Blockchain Platform Qtum Claims it’s Ready for DeFi with Higher Throughput than Ethereum, and Cheaper Smart Contract Deployment

Qtum (QTUM), an open-source public blockchain-enabled platform that leverages the security of UTXO while enabling several virtual machines including the Ethereum Virtual Machine (EVM), notes that suddenly everyone is talking about decentralized finance or DeFi.

Indeed, the DeFi ecosystem is expanding rapidly, despite the risks involved such as the relatively high probability of losing all invested, staked, or deposited funds into these so-called decentralized and permissionless protocols.

The Qtum team writes:

“The combination of traditional finance and decentralized blockchain networks are creating a wonderful revolution. However, at this time of rapid development, the entire DeFi ecosystem still faces various constraints and challenges.” 

According to Qtum’s developers, the existing blockchain or distributed ledger tech (DLT) infrastructure is unable to support complex or advanced DeFi apps. They claim that whether it’s virtual machines, (transactions per second) TPS, TX fees, or on-chain governance, there are “many limitations” due to the lack of proper infrastructure.

Qtum introduced its mainnet back in September 2017, which was right before the massive rally that briefly resulted in almost a $20,000 BTC price, while the larger cryptocurrency ecosystem reached a market cap of over $800 billion for a short period of time, before it crashed.

The Qtum team claims that their platform offered the blockchain sector’s first smart contract platform based on the same UTXO model as Bitcoin (BTC), the leading digital currency.

Qtum’s developers note that after three years of “technological iteration,” the Qtum platform has been able to develop several technical and environmental characteristics, which are “entirely suitable” for implementing DeFi solutions.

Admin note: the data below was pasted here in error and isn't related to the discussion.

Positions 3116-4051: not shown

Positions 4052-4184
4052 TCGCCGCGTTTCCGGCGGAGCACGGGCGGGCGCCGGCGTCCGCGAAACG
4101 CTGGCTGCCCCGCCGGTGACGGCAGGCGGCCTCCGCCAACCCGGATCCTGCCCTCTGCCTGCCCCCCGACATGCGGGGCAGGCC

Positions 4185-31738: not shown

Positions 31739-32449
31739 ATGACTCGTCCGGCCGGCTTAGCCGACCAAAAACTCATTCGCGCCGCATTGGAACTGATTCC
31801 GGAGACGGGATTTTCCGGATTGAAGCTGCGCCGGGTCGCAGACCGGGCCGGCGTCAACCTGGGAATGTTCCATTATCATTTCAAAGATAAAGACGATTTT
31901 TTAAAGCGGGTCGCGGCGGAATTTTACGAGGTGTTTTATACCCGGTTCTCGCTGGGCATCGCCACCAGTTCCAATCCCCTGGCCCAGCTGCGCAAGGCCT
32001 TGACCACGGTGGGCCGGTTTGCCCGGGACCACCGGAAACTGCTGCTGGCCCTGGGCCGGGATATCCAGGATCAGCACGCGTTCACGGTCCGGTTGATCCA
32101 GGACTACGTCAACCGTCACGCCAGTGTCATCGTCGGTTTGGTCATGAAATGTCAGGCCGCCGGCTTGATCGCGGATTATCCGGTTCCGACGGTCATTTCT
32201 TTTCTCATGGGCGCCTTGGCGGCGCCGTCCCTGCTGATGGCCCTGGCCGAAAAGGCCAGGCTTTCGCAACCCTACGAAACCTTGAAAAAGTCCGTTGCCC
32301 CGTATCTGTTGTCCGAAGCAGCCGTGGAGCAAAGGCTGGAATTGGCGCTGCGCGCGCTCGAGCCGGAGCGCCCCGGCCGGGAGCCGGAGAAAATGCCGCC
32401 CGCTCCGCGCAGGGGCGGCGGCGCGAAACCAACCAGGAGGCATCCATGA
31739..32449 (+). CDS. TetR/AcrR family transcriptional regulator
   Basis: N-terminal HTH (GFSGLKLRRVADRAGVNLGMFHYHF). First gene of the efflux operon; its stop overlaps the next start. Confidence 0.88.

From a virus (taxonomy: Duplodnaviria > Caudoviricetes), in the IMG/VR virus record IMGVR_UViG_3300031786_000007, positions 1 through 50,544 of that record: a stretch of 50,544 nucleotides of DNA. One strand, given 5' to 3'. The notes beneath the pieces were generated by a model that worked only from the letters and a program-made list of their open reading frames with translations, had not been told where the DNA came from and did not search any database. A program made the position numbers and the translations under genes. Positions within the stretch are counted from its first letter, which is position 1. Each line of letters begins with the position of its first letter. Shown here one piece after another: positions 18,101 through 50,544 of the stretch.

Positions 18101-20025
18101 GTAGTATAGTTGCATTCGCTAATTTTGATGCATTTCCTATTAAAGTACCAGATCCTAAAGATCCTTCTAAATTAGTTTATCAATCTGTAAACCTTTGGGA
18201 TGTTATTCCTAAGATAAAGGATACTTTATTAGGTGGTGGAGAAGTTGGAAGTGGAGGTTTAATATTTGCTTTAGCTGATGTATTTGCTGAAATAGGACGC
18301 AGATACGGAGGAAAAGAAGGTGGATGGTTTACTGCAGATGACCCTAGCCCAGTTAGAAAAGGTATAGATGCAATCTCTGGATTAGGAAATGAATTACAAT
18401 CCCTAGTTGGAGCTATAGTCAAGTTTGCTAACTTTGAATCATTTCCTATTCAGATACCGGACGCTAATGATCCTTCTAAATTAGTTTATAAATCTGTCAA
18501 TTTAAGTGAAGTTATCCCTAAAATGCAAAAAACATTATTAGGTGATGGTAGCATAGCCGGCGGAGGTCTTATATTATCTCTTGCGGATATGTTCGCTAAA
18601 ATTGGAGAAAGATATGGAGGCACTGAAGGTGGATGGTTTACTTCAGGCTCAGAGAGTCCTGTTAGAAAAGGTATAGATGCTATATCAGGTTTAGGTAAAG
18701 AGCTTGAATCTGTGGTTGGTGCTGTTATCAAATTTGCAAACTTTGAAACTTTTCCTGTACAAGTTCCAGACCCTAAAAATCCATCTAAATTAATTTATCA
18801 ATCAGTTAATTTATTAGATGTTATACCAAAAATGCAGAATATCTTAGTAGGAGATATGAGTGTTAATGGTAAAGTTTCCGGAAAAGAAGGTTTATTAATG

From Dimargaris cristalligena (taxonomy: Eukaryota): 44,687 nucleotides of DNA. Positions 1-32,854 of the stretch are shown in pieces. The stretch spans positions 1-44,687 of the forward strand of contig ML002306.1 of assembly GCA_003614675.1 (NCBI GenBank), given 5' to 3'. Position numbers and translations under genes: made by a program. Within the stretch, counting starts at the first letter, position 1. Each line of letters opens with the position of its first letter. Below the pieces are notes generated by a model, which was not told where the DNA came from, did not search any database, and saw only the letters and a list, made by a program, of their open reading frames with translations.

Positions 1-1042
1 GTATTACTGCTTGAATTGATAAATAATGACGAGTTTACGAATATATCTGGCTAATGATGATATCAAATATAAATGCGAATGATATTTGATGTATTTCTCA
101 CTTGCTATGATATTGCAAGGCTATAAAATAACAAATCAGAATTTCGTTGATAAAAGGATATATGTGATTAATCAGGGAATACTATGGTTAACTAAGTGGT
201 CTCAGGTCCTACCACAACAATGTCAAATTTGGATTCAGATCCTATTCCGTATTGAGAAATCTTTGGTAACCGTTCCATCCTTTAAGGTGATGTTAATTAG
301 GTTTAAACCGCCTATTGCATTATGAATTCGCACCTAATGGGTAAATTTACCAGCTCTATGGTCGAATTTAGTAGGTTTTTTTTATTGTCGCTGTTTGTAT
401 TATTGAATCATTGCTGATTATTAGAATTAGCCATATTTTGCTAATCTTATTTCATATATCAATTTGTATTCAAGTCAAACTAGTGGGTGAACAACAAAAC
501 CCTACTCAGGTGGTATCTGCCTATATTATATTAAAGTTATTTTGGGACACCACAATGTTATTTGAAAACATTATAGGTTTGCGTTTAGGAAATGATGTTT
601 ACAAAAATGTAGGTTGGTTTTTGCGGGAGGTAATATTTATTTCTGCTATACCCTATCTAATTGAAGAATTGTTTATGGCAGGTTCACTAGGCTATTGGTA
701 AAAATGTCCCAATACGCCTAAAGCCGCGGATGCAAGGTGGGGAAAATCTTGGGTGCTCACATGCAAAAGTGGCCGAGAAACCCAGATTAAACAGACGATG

The Qtum team acknowledges that Ethereum (ETH) is by far the most popular or widely-used DeFi infrastructure, and most DeFi initiatives are being created based on the Ethereum Virtual Machine (EVM).

They added:

“By introducing the AAL (Account Abstraction Layer), Qtum achieves full compatibility with EVM on top of Bitcoin’s UTXO model and makes timely EVM upgrades. The DeFi smart contracts deployed on Ethereum can theoretically be seamlessly migrated and deployed on the Qtum Chain and run in the Qtum version of the EVM. Developers do not need to support additional development and migration “

The Qtum team notes that they’ve made many adaptations so that programs like MetaMask and Truffle can be used when writing smart contracts using the Qtum environment. The developer experience of creating solutions may be somewhat similar to working with Ethereum, so there might not be much of a learning curve.

Qtum’s developers point out that the “relatively low TPS on Ethereum and the rising fees due to network congestion have been torturing DeFi users.”

They also mention that even though EOS and other blockchain or DLT projects are able to achieve higher TPS and much lower transaction fees, the “degree of centralization” of the network goes against one of DeFi’s main value propositions: decentralization.

The Qtum team notes:

“Qtum adopts a decentralized Proof-of-Stake consensus mechanism with thousands of independent full nodes around the world. It is one of the largest distributed networks except for Bitcoin and Ethereum. While ensuring decentralization, Qtum’s current TPS is 10 times that of Bitcoin, and several times faster than Ethereum. Also, the same smart contract consumes less gas and fees on Qtum compared to Ethereum. This is more friendly to high-frequency applications such as DeFi.”

However, it’s worth noting that Qtum does not have nearly as many users and has not achieved anywhere near the level of adoption that Bitcoin or Ethereum have, which is why it cannot benefit from the enormous network effects that the BTC and ETH blockchains are taking advantage of today.

Qtum’s decentralized governance protocol (DGP) allows block participatns to modify its network’s TPS by changing the block size according to changing network conditions. On Qtum, users can “reduce or increase” the usage cost of DeFi apps by “adjusting the gas price and gas consumption.”

(Note: For more information on why Qtum might be suitable for DeFi, check here.)

In February 2020, the entire DeFi market was valued at only $1 billion. There’s currently more than $6.3 billion of value locked in the DeFi ecosystem, or at least those protocols that are being tracked by DeFi Pulse. The top five DeFi protocols include: Maker, Aave, Curve Finance, Synthetix, and Compound.